Monday, 4 June 2007

It's half term! Bring on the Calpol...

So we had half term. In which we had glue ear.

Well it was three-year-old Rosie who had glue ear, but the effect was widespread.

Earache is horrid, as I well remember from childhood. One of my earliest memories is of crying with such terrible earache that my poor mother shut me in the living room (presumably for my own safety while she soothed her frayed nerves out of earshot). I leaned onto the rocking chair and rocked myself while I cried and cried and my ears throbbed. We got to know our family doctor very well and on each visit, while I would climb onto his lap, he would ask: “Which ear is it this time then?”

Rosie started with intermittent earache on Tuesday. It seemed to get better on Wednesday, but by Thursday evening she was cuddled on my lap crying “ow, ow, ow!” until the Calpol wore on.
Friday saw us in the surgery where the wonderfully named Dr Cadbury (I also once met a Dr Fudge – if they had met and married they would have been the Drs Cadbury-Fudge) peered into the patient’s ears. She found fluid in one side, pus in the other and prescribed antibiotics and eardrops.

The patient, meanwhile, asked if she could go onto CBeebies on the doctor’s computer and grumpily complained throughout: “Mummy! I can’t hear your voice,” in large decibels, even though I was bellowing right next to her poor beleaguered ear.

“I don’t think she can hear much,” I informed Dr Cadbury.

“From what I’ve just seen, I don’t think she can,” Dr Choc replied.

Rosie went happily home clutching her prescription after a short wait in the pharmacy.

“WHY ARE WE IN HERE MUMMY?” she yelled.

“To get your medicine,” Mummy replied.

“MUMMY, I CAN’T HEAR YOUR VOICE!” responded the ‘im’ patient. Mummy counted to ten and used a primitive form of sign language to say “sit still, behave and I’ll get you an ice cream later”.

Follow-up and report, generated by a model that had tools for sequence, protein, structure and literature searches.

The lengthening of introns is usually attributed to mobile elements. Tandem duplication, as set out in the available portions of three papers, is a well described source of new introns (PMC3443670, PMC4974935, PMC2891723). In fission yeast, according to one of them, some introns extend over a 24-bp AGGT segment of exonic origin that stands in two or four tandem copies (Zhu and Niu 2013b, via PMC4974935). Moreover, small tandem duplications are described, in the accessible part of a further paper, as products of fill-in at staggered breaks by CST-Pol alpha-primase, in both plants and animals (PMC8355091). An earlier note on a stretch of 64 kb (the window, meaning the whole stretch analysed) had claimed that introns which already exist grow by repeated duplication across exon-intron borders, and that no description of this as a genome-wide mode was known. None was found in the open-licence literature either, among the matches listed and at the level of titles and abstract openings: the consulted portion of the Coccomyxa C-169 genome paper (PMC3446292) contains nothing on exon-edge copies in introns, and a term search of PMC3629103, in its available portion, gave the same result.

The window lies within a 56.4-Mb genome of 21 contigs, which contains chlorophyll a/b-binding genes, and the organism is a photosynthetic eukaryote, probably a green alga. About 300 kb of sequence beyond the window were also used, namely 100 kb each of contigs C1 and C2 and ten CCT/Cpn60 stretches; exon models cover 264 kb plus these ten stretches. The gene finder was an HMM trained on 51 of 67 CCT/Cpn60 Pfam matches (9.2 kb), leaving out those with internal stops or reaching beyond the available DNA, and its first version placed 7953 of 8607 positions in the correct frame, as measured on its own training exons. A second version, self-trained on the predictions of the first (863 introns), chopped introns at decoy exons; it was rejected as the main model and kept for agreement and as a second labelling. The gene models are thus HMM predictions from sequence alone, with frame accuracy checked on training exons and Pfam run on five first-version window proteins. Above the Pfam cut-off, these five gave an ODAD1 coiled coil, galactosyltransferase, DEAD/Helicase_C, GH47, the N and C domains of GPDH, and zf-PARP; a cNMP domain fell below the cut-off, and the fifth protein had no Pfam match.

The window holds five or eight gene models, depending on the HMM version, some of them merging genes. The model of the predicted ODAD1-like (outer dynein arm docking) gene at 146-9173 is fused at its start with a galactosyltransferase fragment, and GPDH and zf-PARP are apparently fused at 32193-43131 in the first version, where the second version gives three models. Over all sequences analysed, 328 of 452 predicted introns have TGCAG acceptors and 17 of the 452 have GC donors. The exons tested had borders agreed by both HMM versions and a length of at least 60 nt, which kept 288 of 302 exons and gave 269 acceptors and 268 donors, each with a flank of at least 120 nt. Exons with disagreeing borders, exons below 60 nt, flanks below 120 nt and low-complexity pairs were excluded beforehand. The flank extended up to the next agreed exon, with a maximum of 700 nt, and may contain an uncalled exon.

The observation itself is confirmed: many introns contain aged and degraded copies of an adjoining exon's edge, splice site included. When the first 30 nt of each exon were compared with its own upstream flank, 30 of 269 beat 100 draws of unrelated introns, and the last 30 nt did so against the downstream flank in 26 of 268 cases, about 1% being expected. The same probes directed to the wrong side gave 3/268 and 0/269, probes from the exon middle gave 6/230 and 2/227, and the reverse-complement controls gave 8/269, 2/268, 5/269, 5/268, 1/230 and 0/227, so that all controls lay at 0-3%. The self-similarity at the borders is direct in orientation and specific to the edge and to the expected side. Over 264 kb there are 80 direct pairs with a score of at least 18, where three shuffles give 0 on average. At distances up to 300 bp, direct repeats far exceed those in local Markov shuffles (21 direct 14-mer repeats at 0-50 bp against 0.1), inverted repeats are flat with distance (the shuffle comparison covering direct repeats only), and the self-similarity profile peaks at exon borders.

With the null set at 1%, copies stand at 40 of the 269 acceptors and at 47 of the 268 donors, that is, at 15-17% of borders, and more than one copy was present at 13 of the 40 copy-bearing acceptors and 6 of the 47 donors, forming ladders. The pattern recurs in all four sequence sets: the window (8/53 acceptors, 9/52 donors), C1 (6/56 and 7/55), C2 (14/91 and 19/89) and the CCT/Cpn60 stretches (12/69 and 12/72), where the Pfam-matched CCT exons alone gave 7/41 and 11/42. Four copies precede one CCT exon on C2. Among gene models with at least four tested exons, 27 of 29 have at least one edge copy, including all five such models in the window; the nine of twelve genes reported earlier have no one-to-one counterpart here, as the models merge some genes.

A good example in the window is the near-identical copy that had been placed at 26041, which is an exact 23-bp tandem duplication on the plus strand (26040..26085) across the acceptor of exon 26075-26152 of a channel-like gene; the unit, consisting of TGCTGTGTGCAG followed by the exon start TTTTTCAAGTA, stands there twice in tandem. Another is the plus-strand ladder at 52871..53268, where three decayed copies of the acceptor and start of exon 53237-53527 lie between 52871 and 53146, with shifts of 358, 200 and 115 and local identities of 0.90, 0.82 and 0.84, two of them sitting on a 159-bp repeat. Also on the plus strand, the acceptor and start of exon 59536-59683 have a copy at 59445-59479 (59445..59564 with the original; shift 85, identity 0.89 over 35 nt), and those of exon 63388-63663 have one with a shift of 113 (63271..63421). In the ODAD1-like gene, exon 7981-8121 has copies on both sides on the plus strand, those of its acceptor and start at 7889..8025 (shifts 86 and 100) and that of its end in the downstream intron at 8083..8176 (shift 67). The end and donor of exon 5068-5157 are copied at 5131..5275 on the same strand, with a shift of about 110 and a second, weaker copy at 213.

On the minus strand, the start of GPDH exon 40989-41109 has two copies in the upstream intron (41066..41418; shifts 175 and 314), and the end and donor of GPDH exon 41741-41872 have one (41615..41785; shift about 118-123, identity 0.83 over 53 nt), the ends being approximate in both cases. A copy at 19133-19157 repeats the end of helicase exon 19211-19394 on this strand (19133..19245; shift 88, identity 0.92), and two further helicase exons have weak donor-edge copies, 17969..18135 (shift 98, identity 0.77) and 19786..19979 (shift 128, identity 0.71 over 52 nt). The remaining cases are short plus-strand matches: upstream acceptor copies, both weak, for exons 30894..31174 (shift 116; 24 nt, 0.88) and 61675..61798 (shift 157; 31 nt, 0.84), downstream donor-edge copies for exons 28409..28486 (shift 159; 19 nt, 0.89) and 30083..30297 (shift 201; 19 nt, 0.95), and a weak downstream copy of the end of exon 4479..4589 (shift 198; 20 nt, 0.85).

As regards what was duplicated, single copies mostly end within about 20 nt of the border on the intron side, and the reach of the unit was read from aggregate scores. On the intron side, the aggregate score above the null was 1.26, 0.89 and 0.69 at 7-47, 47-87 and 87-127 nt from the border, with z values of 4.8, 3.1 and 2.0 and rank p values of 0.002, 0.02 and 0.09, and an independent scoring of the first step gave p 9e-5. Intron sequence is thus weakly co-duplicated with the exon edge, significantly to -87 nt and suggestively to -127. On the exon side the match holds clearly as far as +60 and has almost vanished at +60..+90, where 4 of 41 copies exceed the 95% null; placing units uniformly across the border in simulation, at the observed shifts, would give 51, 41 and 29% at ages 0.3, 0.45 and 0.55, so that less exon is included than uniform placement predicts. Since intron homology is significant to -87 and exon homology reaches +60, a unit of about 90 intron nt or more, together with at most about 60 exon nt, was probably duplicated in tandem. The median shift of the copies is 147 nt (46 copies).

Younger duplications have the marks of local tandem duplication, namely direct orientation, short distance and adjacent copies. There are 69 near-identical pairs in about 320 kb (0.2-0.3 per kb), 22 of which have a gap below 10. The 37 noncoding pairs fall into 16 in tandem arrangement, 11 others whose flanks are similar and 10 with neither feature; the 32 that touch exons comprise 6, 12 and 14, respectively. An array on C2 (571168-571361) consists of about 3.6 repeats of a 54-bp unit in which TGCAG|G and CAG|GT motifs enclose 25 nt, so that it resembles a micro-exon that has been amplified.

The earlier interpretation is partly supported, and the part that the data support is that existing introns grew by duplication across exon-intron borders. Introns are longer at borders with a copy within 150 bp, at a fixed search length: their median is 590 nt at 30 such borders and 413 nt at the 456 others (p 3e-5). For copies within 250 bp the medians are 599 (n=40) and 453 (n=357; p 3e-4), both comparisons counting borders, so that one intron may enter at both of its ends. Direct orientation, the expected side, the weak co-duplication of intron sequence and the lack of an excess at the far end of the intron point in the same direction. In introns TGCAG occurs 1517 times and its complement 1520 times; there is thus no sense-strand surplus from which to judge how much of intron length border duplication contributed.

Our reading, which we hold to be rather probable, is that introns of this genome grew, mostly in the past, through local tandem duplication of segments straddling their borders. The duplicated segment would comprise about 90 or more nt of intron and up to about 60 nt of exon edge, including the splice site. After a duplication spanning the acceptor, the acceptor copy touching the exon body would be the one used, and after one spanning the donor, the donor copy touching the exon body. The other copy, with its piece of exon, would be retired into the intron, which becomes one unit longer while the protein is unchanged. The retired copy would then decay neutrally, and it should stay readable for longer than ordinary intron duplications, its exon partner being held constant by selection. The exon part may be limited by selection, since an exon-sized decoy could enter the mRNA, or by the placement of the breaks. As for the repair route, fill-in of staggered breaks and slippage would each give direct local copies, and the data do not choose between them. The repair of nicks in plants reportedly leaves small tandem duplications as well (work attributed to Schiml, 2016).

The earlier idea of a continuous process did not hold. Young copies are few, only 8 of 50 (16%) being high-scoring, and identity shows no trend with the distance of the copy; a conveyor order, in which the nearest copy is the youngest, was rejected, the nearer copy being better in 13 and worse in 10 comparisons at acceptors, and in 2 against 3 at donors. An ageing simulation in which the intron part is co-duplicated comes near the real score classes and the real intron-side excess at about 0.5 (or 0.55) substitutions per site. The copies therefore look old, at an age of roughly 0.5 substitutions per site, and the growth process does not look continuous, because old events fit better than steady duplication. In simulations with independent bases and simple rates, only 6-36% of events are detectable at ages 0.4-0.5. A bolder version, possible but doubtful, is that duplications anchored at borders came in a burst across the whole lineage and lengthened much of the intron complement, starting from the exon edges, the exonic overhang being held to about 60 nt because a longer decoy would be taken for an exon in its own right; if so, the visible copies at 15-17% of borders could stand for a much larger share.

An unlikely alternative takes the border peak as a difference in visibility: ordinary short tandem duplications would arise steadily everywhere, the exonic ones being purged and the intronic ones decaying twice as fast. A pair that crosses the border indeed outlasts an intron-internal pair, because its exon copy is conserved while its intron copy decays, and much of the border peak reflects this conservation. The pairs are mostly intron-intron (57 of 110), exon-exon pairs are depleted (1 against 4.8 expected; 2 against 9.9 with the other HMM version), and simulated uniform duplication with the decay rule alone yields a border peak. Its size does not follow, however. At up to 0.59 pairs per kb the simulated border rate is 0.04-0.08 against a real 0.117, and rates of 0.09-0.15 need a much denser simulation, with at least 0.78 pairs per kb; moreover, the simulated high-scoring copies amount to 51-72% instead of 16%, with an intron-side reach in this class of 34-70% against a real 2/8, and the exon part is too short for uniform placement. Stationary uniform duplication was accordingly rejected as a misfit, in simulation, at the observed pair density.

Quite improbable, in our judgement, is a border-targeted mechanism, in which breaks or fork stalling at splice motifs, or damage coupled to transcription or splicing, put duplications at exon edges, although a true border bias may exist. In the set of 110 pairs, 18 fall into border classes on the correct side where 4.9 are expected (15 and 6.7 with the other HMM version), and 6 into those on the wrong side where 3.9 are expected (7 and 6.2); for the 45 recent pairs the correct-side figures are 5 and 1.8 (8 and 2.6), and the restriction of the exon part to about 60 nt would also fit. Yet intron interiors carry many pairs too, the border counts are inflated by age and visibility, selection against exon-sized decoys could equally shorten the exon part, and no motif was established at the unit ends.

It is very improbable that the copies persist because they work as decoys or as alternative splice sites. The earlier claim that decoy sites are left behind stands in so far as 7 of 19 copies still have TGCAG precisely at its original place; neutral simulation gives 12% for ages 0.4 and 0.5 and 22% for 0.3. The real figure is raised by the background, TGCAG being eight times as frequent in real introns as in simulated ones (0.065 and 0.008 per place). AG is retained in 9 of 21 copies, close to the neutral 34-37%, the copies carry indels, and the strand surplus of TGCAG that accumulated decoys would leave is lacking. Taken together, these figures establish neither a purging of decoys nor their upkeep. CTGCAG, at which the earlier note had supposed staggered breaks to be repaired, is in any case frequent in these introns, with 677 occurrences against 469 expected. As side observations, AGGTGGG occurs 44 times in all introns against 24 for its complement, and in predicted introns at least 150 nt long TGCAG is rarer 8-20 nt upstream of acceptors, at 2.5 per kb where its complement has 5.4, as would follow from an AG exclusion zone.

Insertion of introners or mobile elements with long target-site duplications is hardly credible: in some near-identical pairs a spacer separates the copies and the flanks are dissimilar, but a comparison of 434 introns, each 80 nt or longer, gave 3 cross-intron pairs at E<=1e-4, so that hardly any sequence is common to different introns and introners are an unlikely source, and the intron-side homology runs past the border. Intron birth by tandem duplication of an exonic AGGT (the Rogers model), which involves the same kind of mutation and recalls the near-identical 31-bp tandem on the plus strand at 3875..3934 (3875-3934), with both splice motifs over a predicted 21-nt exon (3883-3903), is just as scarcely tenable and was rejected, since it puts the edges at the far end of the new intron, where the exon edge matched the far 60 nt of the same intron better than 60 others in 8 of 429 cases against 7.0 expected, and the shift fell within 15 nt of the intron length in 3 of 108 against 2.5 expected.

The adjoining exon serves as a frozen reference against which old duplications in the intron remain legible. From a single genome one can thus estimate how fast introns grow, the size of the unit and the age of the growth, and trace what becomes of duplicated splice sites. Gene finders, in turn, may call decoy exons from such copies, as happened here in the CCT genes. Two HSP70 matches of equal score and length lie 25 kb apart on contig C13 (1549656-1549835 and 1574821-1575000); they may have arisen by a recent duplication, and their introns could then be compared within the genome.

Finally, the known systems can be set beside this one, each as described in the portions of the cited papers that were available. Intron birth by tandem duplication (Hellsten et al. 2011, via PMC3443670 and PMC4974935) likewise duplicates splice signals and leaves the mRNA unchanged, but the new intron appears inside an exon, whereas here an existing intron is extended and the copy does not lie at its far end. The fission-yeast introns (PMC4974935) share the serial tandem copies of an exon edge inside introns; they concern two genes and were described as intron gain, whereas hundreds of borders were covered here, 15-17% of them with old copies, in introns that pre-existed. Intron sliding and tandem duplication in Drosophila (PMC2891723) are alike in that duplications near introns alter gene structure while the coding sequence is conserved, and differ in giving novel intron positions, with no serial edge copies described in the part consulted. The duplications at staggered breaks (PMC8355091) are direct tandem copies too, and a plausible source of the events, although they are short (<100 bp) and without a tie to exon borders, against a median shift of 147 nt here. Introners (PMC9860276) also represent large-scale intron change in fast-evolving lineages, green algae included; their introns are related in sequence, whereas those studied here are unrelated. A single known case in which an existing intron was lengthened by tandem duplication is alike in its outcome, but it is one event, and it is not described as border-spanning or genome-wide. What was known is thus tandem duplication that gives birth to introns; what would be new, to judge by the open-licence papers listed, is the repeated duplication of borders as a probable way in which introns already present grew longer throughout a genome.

Fortunately the deafness was just Friday’s treat and Rosie’s hearing was back to normal by the evening.

During the glue ear spell my sister Jackie, her husband Phil and their two children Tom and Ellie invaded us. They had been camping at Hay on Wye in glorious Bank Holiday Monday “sunshine” – in other words it started raining on Saturday at 8pm and was still raining on Monday. So they arrived a day earlier than expected, cold, wet and muddy, before I had been shopping for useful things like food and before Brian had finished putting the new kitchen cupboards in.

So they went straight into the Granny Annexe and made themselves at home, meanwhile the usual incumbent of the annexe immediately made alternative arrangements and moved out to a friend’s house.

Jackie’s visits are always fun – to begin with. Then the differences begin to show. We like to be with our children, playing with them. J and P tend to leave theirs to their own devices – even if it might include damage to persons and property.

Having Phil around is just like having any normal teenage boy around – except he’s 39. At night he slept in his little tent at the top of one of our fields, surfacing mid morning to consume last night’s curry for ‘breakfast’ then retired to bed for the rest of the day, only emerging in the early evening in search of a beer.

One of my friends from school, Jane, unfortunately chose this week for a visit arriving on Wednesday evening with her husband David and their daughter Sophie, who is the same age as Hannah. It was lovely to see them, but they are quietly sophisticated to Jax and Phil’s louder, more boorish, behaviour. Coupled with this was the fact that, with the differences in life approach simmering to the surface, we were all becoming a little catty.

Mum helpfully told Phil how much more handsome and clever his older brother was (known as Dr Luscious, Phil’s brother is a tall, dark and handsome consultant, pilot and fledgling novelist. Phil isn’t.) It wasn’t the most ideal of circumstances to catch up with old friends.
By Thursday morning Jax and Phil had packed and were leaving.